U.S. Department of the Interior and National Park Service Guidance and Statements on Civil War Monuments
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National Park Service and Civil War Monuments:
Across the country, the National Park Service maintains and interprets monuments, markers, and plaques that commemorate and memorialize those who fought during the Civil War. These memorials represent an important, if controversial, chapter in our Nation’s history. The National Park Service is committed to preserving these memorials while simultaneously educating visitors holistically about the actions, motivations, and causes of the soldiers and states they commemorate. A hallmark of American progress is our ability to learn from our history.
Many commemorative works including monuments and markers were specifically authorized by Congress. In other cases, a monument may have preceded the establishment of a park, and thus could be considered a protected park resource and value. In either of these situations, legislation could be required to remove the monument, and the NPS may need to comply with Section 106 of the National Historic Preservation Act and the National Environmental Policy Act before removing a statue/memorial.
Still other monuments, while lacking legislative authorization, may have existed in parks long enough to qualify as historic features. A key aspect of their historical interest is that they reflect the knowledge, attitudes, and tastes of the people who designed and placed them. Unless directed by legislation, it is the policy of the National Park Service that these works and their inscriptions will not be altered, relocated, obscured, or removed, even when they are deemed inaccurate or incompatible with prevailing present-day values. The Director of the National Park Service may make an exception to this policy.
The NPS will continue to provide historical context and interpretation for all of our sites and monuments in order to reflect a fuller view of past events and the values under which they occurred.
National Park Service and First Amendment Activities:
The National Park Service has long recognized freedom of speech, press, religion and public assembly. National Parks and other public lands are the very embodiment of our democracy. First Amendment activities, such as demonstrations, at our national parks are activities protected by the First Amendment of the U.S. Constitution. The NPS adheres to the regulatory framework in 36 CFR 2.51. It is this provision that enables parks to accommodate First Amendment activity at designated spaces within the park, while also protecting park resources and values, and minimizing the impact on park visitors and park operations.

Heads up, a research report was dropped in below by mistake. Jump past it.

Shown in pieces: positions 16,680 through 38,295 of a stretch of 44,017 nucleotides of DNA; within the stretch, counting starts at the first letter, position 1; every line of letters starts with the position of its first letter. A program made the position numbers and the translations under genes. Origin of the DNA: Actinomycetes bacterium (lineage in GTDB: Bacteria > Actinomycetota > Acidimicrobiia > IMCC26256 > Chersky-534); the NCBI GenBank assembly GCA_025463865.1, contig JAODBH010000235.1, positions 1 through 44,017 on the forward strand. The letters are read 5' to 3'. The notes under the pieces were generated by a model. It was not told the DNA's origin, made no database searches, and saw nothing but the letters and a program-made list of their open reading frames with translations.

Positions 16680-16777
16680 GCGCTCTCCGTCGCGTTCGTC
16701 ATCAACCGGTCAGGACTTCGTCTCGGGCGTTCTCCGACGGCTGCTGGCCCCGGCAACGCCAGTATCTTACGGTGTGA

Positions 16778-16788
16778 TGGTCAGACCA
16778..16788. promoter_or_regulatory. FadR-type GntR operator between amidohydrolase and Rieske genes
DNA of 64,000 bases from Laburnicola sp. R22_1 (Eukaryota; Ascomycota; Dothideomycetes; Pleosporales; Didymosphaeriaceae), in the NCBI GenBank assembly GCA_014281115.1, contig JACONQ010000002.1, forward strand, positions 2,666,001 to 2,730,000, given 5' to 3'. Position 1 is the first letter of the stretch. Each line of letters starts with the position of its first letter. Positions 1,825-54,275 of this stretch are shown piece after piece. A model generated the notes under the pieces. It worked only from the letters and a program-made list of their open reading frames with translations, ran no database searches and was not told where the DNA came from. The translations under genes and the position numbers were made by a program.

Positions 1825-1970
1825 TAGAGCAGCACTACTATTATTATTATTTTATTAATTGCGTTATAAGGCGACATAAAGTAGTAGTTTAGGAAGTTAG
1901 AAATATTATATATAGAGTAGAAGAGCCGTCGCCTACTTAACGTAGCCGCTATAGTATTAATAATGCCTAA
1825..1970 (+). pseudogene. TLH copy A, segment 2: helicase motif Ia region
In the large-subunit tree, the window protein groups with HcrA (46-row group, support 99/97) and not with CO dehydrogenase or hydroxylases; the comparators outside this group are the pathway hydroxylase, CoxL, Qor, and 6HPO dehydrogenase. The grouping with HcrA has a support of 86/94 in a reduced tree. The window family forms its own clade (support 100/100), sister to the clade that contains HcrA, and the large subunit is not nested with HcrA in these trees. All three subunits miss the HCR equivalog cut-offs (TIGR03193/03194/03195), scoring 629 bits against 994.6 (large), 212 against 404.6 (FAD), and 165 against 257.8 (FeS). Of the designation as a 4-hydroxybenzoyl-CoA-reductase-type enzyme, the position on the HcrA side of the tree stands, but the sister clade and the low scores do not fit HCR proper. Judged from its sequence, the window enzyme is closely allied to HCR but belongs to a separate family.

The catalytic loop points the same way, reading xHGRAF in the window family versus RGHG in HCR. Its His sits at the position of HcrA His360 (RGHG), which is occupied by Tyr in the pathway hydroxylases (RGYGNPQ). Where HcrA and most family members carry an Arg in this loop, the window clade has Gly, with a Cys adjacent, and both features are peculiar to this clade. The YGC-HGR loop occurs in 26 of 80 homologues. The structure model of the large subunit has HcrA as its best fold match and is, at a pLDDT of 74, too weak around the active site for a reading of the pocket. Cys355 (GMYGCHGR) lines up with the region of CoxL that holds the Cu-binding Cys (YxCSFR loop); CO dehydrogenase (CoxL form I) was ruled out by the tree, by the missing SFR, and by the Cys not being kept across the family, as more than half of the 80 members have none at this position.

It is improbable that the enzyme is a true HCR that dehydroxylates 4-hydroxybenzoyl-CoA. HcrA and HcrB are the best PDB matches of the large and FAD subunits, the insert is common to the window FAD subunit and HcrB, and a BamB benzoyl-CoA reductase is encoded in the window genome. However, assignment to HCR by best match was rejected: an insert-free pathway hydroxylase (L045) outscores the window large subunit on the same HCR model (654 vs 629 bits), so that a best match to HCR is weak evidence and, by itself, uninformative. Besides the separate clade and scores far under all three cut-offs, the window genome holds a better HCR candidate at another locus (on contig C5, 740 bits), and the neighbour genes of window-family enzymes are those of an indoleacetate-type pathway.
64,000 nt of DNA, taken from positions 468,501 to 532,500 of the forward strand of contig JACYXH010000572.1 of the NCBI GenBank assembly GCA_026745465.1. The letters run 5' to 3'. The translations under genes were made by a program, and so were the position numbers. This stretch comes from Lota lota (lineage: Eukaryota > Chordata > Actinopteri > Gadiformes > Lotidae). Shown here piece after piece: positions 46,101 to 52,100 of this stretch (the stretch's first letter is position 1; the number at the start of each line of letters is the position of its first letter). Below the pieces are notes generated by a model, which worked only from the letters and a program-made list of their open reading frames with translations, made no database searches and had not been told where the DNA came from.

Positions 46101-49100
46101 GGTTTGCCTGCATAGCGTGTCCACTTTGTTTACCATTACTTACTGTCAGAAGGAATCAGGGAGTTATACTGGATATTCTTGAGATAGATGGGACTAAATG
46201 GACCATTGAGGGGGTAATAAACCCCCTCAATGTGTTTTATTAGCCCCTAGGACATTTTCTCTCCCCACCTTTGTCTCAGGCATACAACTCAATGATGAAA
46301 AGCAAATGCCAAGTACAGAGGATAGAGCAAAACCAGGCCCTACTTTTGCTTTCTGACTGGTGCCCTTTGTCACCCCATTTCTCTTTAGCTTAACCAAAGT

All requests for similar activities are treated equally. As long as permit criteria and requirements set forth by the park are met, no group wishing to assemble lawfully will be discriminated against or denied the right of assembly.
The safety of our employees and our visitors is our top priority. Park managers, in conjunction with local officials, engage in event planning to provide for public safety during permitted demonstrations.
Statements from Secretary Zinke:
Statement from Secretary Zinke regarding Charlottesville:
“The racism, bigotry, and hate perpetrated by violent white supremacist groups has no place in America. It does not represent what I spent 23 years defending in the United States military and what millions of people around the globe have died for. We must respond to hate with love, unity and justice. I fully support President Trump and Attorney General Sessions in uniting our communities and prosecuting the criminals to the fullest extent of the law.”
Secretary Zinke’s previous statements about monuments designated to Confederate soldiers:
Question: There's been a push recently by some to remove some war memorials, specifically Confederate-related items. What's your message to those that some are saying are attempting to erase or re-write history?
Answer: I think history’s important and on this battlefield as an example, what did the battle of Antietam bring us? One is that it was the deadliest battle in the history of our country, but also one can argue successfully that it also brought us the Emancipation Proclamation. So, there’s goodness that came out of this battlefield, but recognizing two sides fought, recognizing the historical significance of a change in our country. So, I'm an advocate of recognizing history as it is. Don't rewrite history. Understand it for what it is and teach our kids the importance of looking at our magnificent history as a country and why we are what we are.
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